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Being Where You Are

Glossary of Spiritual Wisdom

Quotes about Being Where You Are

Disconnecting From Where You Are

I’m trying to clarify what we are doing when we inquire, what we are engaged in. I am not making value judgments about other practices, and I think that many people here are starting to see that. Value judgment can be part of the problem in inquiry, as we will see later. There is something, however, that is more immediate in our consideration. We are concerned with what happens when you take a position that a certain state is reality, when you say, “That is the truth, and we are going to go there.” The moment you take a position, you lose your thread. You go toward a goal instead of being where you are in the moment. This will tend to disconnect you from where you are, which will disconnect you from the true guidance, which will disconnect you from the optimizing dynamism of Being. I am not saying that one cannot do spiritual practice in other ways, but I am saying that in the kind of practice we are studying, this disconnection will happen whenever you are after some goal. We said earlier that adopting a position from a certain teaching, teacher, or philosophy is one form of goal orientation to avoid. I will continue to delineate some of the other ways in which you can disconnect from your personal thread. These situations are all problematic for your inquiry because they go counter to the natural unfoldment of Being.

From the Perspective of Totality all You Need to do is Be Where You Are

From the perspective of nonhierarchy and the view of totality, we can see the wisdom of this practice in a new way. Wherever we are, wherever we happen to find ourselves, is a manifestation of true nature and contains all of reality. There is no point in striving to be anywhere else. So even if this shift in the teaching seems inaccessible, even if it seems improbable or outlandish, from the perspective of totality, all you need to do is be where you are. You can receive the benefit of this wisdom simply by allowing yourself—your heart and your mind and your body—to be impacted by this teaching. When first receiving a subtle teaching, it’s important to listen with your heart and with your being. If the mind understands the teaching, that can help open up your experience, but the openness and receptivity of the heart is foremost. Should you feel that these ideas are over your head or are too radical to accept, you can let that be and allow yourself to simply feel whatever is here. There is plenty of time to work everything out and understand more about the perspective that I am presenting in this book.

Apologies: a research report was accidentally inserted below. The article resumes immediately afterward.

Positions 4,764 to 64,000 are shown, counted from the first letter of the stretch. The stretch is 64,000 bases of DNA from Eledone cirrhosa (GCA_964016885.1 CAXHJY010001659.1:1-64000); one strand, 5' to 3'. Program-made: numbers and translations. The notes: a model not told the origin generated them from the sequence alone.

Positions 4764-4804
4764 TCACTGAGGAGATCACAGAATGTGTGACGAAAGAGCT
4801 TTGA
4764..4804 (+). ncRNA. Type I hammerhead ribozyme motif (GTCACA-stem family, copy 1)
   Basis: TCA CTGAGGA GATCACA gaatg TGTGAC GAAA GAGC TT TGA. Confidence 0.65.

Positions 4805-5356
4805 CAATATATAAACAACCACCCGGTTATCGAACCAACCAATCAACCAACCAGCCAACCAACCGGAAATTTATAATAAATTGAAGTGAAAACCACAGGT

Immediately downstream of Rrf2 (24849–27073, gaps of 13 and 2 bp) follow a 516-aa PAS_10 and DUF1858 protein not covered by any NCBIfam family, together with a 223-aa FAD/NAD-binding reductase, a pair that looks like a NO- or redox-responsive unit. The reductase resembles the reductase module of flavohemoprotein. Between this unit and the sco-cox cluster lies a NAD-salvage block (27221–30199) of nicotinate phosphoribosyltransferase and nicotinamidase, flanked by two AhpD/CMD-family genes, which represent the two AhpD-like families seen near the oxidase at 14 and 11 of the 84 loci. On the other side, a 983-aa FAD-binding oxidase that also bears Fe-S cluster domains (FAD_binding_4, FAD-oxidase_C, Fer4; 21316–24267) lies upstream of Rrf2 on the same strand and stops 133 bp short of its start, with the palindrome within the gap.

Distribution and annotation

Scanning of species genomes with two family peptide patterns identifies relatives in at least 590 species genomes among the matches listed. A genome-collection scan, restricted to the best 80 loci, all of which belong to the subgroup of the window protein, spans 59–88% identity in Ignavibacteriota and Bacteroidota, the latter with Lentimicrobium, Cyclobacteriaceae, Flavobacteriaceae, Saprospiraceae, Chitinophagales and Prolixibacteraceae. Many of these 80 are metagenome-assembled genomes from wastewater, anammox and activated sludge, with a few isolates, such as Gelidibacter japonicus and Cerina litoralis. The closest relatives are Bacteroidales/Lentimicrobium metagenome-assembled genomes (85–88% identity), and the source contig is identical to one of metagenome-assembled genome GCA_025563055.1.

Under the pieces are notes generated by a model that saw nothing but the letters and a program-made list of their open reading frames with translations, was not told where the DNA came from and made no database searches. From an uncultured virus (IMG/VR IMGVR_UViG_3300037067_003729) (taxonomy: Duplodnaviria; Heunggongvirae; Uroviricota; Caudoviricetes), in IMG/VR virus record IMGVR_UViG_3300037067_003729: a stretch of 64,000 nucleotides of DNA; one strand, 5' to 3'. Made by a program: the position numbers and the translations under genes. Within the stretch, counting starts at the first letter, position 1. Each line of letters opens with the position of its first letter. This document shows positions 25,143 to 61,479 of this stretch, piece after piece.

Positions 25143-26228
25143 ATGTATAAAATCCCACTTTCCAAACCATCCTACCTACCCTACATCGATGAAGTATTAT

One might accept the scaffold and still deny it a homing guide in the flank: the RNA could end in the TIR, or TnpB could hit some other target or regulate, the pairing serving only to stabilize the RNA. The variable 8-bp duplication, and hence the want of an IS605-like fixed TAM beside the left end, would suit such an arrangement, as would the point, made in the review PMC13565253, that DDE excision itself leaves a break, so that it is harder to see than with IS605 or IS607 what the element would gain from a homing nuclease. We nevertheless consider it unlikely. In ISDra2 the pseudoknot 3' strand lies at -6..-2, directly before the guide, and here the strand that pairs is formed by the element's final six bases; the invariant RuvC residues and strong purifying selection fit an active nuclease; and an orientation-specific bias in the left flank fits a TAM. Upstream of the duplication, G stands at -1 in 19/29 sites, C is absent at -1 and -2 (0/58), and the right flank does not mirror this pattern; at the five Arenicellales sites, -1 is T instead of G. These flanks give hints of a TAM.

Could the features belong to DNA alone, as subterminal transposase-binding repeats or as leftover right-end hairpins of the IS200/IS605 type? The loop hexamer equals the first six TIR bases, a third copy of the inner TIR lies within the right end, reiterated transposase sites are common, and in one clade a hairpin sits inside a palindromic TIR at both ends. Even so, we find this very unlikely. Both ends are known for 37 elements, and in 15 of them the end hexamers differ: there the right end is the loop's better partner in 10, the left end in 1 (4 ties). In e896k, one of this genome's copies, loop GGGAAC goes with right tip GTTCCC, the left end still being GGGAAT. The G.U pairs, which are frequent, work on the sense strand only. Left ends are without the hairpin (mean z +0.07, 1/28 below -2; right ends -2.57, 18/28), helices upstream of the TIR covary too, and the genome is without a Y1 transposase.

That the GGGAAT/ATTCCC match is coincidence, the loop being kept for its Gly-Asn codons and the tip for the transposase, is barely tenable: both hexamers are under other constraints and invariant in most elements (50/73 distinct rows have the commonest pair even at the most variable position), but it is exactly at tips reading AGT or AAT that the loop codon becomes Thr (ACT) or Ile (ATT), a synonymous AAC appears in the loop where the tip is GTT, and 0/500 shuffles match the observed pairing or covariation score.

Inquiring to Find out What is Happening, What the Truth of a Situation Is

So what does that tell us about how to approach our work? As we have seen, our practice of learning to be where we are is a matter of inquiring to find out what is happening, what the truth of a situation is. To ask, “Where am I?” means, “What is the truth of my experience?” And to ask, “What is the truth of my experience?” means, “I want to understand it in a way that is meaningful to my heart, that nourishes my heart and my soul; I don’t just want an explanation.” An explanation that is not felt can be exact without being meaningful, in which case, it doesn’t nourish us. As we work with our experience—inquiring and delving into it, being present with it—the presence and the awareness that pervades our experience reveals itself to be that underlying truth, or True Nature, that we have been seeking. And as our understanding unfolds, the harmony of the various elements of our experience is a felt harmony of connectedness. That experience is closer to the inherent, original, primordial harmony that reveals —and actually is—the oneness of all things.